Since black skin has its own characteristics, it is essential to know how it works to take care of it properly. Knowing your skin from the inside is crucial to make the right cosmetic choices.
From a structural standpoint, black skins are similar to Caucasian skins, except for a few details.
They are obviously also a protective organ, but if they are not thicker, they are denser: this can be seen with their stratum corneum, which is composed of 12 layers, while that of a Caucasian individual only has eight. The dermis is more solid and compact.
Dark skins naturally receive more sun, i.e. infrared rays, so they are structured in such a way that that they lose less water. This function is clearly visible inside the dermis: the cells are more joined. Moreover, the stratum corneum is richer in lipids and produces more hydrolipidic film, an additional protection against water evaporation.
On top of that, sweat glands – responsible for perspiration – are a bit bigger and more numerous: black skins are adapted to absorb more infrared rays, and the heat of their environment requires more efficient thermoregulation – perspiration should be more abundant. Their black colour also amplifies the infrared absorption phenomenon.
When they are exposed to the sun, Caucasian skin melanocytes produce melanin, which is responsible for skin colouration: keratinocytes catch UV rays and pass on a message to melanocytes to obtain a sort of ‘
molecular beach umbrella’
to protect themselves.
In addition to this identical mechanism, dark skins’ melanocytes work even when there is no light. Melanin grains are bigger, more stable, and egg-shaped. Melanocytes are programmed to produce melanin on a constant basis.
Sometimes, cells do not work properly: that is when pigment spots, or even vitiligo – depigmentation on large skin areas – appear.
These multi-factorial phenomena can be explained by gene mutations in the cells at stake. As a result, either melanocytes no longer produce melanin, or melanin is no longer transmitted to keratinocytes.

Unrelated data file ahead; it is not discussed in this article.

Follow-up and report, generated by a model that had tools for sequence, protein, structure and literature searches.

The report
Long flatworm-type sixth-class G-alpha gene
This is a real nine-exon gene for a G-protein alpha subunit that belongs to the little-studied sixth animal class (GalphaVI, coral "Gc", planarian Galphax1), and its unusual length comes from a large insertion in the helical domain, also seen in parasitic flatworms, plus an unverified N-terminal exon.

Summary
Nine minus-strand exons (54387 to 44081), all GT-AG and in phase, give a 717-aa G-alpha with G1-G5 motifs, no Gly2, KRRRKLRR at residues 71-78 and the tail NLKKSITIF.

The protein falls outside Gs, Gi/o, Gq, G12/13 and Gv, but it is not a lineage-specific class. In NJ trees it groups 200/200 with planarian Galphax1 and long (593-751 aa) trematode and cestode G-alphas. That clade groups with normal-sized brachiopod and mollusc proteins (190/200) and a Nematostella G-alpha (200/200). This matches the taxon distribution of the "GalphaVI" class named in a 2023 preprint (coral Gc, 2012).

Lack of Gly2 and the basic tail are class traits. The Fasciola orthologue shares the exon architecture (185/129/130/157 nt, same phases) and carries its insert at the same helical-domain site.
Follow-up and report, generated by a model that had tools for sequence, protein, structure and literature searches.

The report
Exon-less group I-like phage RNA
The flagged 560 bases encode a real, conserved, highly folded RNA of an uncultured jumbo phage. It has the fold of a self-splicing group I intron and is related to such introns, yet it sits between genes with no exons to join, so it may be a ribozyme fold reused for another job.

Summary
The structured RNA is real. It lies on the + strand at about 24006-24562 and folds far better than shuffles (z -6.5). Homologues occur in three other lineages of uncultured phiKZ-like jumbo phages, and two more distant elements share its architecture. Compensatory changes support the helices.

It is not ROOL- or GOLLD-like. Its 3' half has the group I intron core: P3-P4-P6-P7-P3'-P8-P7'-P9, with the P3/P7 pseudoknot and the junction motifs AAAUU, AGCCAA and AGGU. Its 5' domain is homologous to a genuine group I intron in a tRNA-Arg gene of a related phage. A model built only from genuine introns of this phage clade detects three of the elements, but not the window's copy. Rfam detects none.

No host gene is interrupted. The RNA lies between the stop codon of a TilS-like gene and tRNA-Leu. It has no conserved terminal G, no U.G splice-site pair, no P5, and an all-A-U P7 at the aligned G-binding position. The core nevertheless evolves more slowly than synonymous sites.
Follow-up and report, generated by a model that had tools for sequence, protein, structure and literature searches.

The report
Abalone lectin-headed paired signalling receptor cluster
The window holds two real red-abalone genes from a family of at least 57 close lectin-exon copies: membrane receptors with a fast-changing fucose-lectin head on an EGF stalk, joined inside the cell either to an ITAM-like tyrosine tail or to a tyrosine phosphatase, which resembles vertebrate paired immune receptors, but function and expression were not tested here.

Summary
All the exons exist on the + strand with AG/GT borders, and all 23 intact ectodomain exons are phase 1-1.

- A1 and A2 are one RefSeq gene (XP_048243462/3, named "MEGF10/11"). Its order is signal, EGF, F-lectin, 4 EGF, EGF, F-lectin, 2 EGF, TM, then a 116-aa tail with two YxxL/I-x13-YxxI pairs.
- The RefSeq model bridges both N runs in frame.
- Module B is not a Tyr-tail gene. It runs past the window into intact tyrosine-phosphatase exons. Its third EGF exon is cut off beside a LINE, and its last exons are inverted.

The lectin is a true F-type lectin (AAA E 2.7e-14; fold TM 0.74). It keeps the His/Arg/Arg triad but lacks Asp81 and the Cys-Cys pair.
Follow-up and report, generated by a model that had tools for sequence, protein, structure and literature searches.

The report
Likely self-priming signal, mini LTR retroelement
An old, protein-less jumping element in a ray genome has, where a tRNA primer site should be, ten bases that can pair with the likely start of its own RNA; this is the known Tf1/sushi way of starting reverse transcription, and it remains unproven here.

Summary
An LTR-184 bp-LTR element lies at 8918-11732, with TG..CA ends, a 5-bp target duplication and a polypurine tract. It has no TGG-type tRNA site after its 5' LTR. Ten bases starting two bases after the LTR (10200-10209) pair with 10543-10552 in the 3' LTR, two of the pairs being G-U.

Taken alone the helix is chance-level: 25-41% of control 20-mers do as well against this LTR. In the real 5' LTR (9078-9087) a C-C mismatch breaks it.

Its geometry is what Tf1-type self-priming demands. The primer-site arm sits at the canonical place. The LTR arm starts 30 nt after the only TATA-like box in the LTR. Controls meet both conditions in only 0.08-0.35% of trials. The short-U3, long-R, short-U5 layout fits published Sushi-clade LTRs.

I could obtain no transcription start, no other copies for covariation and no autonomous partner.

From a structural standpoint, black skins get tanned and react the same way as clear skins. It should be known that keratinocytes seek the help of melanocytes to protect the dermis. It is necessary to use sunscreen products for long exposures. Although these epidermises are less subject to sunburns, they are not fully protected against the damages of UVAs, which penetrate the skin in depth and are responsible for melanomas (skin cancer).
And yet, the sun is essential: to make vitamin D, which guarantees the balance of the skin and microbial environment, the solidity of our bones, as well as our good mood, black epidermises need six times more UV rays than white skins.
Phototype 4/5 dark epidermises need UVBs to guarantee their balance. That is the reason why they suffer from dryness, or even atopy, when they live in temperate environments, where luminosity is weaker.
Skin dryness may be explained by a rupture between the genome and the exposome, which is no longer the reference. The skin is not ‘adapted’ yet.
To best curb this phenomenon, the cosmetics answer should be qualitative. Choose products enriched in vitamin D, with a base of moisturizing, anti-dehydration molecules, and ceramides to make the epidermis more comfortable.
A few little pimples
In parallel to skin dryness, sebaceous glands are bigger and produce more sebum. Combined with more perspiration, the formation of the hydrolipidic film is more important to provide better protection against UV rays. The problem is, this hyperseborrhoea is the ideal ground for the development of the bacteria responsible for the appearance of small pimples. All black-skinned individuals do not and will not experience acne, it is just that their microbial environment is more favourable to its appearance.
We often notice that dark skins are less quickly marked by signs of aging. As a result, the skin’s biological age seems lower than the chronological age. This can be explained by several factors.
• First, oxidative stress, which is triggered by the exposure to UV rays, is 90% responsible for aging.
• Black epidermises are less impacted by UV penetration, since they are better protected on the surface. UVs are slowed down and create less inflammation.
• Then, fibroblasts, the cells that produce the hyaluronic acid/collagen/elastin complex, are bigger and more efficient than those in Caucasian skins. The skin is programmed to remain elastic and firm.
• Lastly, the exposome also plays a direct role. When these individuals live in low-lit areas, their skins do not need to defend themselves against UV aggressions, and they age less fast.
If fibroblasts are very efficient and work faster, it creates a problem when the skin heals. Collagen overproduction results in the appearance of a thick skin layer in the wound area. That is called keloids. However, these scars are not hazardous for health.
For further information
• See the article: How to take good care of black skins: what are the right actives? The right products? The right rituals?